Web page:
This interview is another one from the archives.
Some time ago I saw a wall being painted by two graffiti artists, who I later found out, were married, and I couldn’t pass up the opportunity to talk to them about their contribution to the culture. The graffiti culture – especially in South Africa – is heavily overlooked from a historical and understanding standpoint. I got brief insights into why they do what they do.
So, when did you start doing graffiti?
Zesta: I got into graf about 2000/2001, in high school.
Elaine: I started about nine months ago or so. I started dating Zesta and we’re actually married now. Other people go have picnics and we go paint a wall. (laughs)
That’s really cool actually. So, is this your house that you’re currently painting?
Elaine: No no no. we just saw a really ugly wall in an area where quite a few people walk past, so this gives people a bit of a chance to see something beautiful, and its all animals and anybody can relate to animals – it’s a general subject.
Zesta, you said you started in high school, but how exactly did you get started?
Zesta: Messing around in class really. I’ve always been involved in or interested in art. As soon as I got involved in graffiti it really took over from that art that I was doing, so it was a natural progression.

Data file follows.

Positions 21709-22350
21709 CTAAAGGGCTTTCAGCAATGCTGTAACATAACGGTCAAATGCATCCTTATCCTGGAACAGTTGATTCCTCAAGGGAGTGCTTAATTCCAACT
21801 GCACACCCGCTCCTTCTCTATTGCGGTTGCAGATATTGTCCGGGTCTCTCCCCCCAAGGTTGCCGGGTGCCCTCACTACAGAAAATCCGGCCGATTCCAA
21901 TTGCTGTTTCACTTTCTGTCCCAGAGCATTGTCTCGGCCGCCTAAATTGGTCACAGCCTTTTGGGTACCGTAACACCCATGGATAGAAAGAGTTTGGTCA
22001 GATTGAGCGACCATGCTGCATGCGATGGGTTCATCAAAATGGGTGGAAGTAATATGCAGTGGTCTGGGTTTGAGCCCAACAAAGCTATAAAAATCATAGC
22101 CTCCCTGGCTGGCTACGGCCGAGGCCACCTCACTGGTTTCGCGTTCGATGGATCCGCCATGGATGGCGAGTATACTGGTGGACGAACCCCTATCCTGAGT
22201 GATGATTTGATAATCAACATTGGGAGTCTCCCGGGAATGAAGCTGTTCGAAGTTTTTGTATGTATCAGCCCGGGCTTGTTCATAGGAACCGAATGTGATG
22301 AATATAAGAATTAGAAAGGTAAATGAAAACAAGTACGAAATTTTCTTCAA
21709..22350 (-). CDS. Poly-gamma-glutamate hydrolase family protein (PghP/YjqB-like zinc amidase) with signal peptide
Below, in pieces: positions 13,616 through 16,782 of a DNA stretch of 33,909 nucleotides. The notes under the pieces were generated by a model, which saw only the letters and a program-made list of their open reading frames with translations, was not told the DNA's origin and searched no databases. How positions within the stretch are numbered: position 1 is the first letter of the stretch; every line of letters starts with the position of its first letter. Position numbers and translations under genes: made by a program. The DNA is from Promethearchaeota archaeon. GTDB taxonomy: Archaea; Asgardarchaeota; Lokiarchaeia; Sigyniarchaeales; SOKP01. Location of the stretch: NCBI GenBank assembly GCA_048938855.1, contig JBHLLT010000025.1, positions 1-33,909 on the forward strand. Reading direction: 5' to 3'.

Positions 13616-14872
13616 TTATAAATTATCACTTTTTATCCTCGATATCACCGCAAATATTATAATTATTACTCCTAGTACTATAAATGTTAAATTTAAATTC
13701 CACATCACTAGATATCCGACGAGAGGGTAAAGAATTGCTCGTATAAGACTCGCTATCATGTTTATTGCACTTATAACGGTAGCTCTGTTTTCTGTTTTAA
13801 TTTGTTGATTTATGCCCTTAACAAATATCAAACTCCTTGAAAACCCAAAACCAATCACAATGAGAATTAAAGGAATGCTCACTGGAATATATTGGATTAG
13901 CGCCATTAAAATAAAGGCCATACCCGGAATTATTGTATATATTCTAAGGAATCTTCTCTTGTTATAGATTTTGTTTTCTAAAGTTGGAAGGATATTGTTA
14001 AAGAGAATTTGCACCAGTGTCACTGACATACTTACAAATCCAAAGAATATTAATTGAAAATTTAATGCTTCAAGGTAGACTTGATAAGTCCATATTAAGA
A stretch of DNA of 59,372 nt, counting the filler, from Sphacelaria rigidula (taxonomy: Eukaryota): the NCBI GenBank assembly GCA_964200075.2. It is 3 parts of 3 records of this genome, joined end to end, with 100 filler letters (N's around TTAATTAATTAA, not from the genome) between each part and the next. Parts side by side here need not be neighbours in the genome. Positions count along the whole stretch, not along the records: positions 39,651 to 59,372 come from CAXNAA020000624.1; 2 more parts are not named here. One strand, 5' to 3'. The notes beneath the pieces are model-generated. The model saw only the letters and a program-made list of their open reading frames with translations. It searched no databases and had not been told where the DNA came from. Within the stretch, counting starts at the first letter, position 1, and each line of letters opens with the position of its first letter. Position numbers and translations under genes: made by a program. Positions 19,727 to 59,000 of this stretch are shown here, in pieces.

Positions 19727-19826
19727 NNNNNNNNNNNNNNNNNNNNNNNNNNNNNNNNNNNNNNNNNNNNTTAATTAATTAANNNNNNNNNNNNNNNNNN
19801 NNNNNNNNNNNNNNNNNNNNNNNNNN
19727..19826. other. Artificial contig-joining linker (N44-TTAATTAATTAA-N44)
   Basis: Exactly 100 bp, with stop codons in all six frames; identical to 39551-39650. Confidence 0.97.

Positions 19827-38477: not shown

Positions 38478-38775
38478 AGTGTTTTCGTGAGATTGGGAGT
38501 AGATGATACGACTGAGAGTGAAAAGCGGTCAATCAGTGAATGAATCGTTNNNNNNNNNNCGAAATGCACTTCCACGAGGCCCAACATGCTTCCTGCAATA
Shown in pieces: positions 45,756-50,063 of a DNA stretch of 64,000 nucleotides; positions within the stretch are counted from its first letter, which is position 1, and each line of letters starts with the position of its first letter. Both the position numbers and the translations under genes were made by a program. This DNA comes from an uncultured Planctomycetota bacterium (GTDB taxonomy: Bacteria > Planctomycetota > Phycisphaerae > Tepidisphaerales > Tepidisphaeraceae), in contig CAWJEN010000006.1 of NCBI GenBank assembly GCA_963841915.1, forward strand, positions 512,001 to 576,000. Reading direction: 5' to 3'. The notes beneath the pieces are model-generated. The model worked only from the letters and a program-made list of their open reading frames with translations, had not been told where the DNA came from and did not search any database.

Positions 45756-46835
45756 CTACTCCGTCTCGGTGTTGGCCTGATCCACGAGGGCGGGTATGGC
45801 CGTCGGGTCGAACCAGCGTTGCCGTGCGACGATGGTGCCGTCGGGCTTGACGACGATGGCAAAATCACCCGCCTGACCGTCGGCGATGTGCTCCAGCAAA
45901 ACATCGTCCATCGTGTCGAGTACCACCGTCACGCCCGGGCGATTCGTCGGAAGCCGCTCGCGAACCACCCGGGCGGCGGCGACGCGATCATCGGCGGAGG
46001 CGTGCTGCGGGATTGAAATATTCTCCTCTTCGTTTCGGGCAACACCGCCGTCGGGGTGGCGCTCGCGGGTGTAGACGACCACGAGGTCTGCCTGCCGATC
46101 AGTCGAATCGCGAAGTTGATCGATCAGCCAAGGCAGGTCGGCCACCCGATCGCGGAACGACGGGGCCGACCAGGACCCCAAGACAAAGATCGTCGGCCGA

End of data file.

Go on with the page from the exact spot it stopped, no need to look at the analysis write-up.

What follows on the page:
Do you think people give graffiti enough attention or even just respect in Joburg?
Zesta:Well I think it is quite misunderstood. There’s a lot of new activity and involvement and interest in different ways, so I think its growing at the moment which is quite cool. There are a lot of new opportunities for artists to promote yourself if you’re professional about what you do as well. But I think it’s growing. It’s nice to have a bit of an underground thing and to be left alone as well and find an application for what you do, you know?
Elaine: Let me rather say the reason why I do it is because I like creating beautiful things. I still have to learn so much about the history of graffiti and the reason why different people do it. For me, we do a beautiful wall in every neighborhood, and if everybody just [does] a little bit on their part to make the neighborhood beautiful, [because] graffiti is such a bold thing because it really does do that – it creates beauty. Different people would say its vandalism. We asked this woman if we can paint her house, I don’t if she could do anything about her wall but it gave us the opportunity to come and also buy paint things.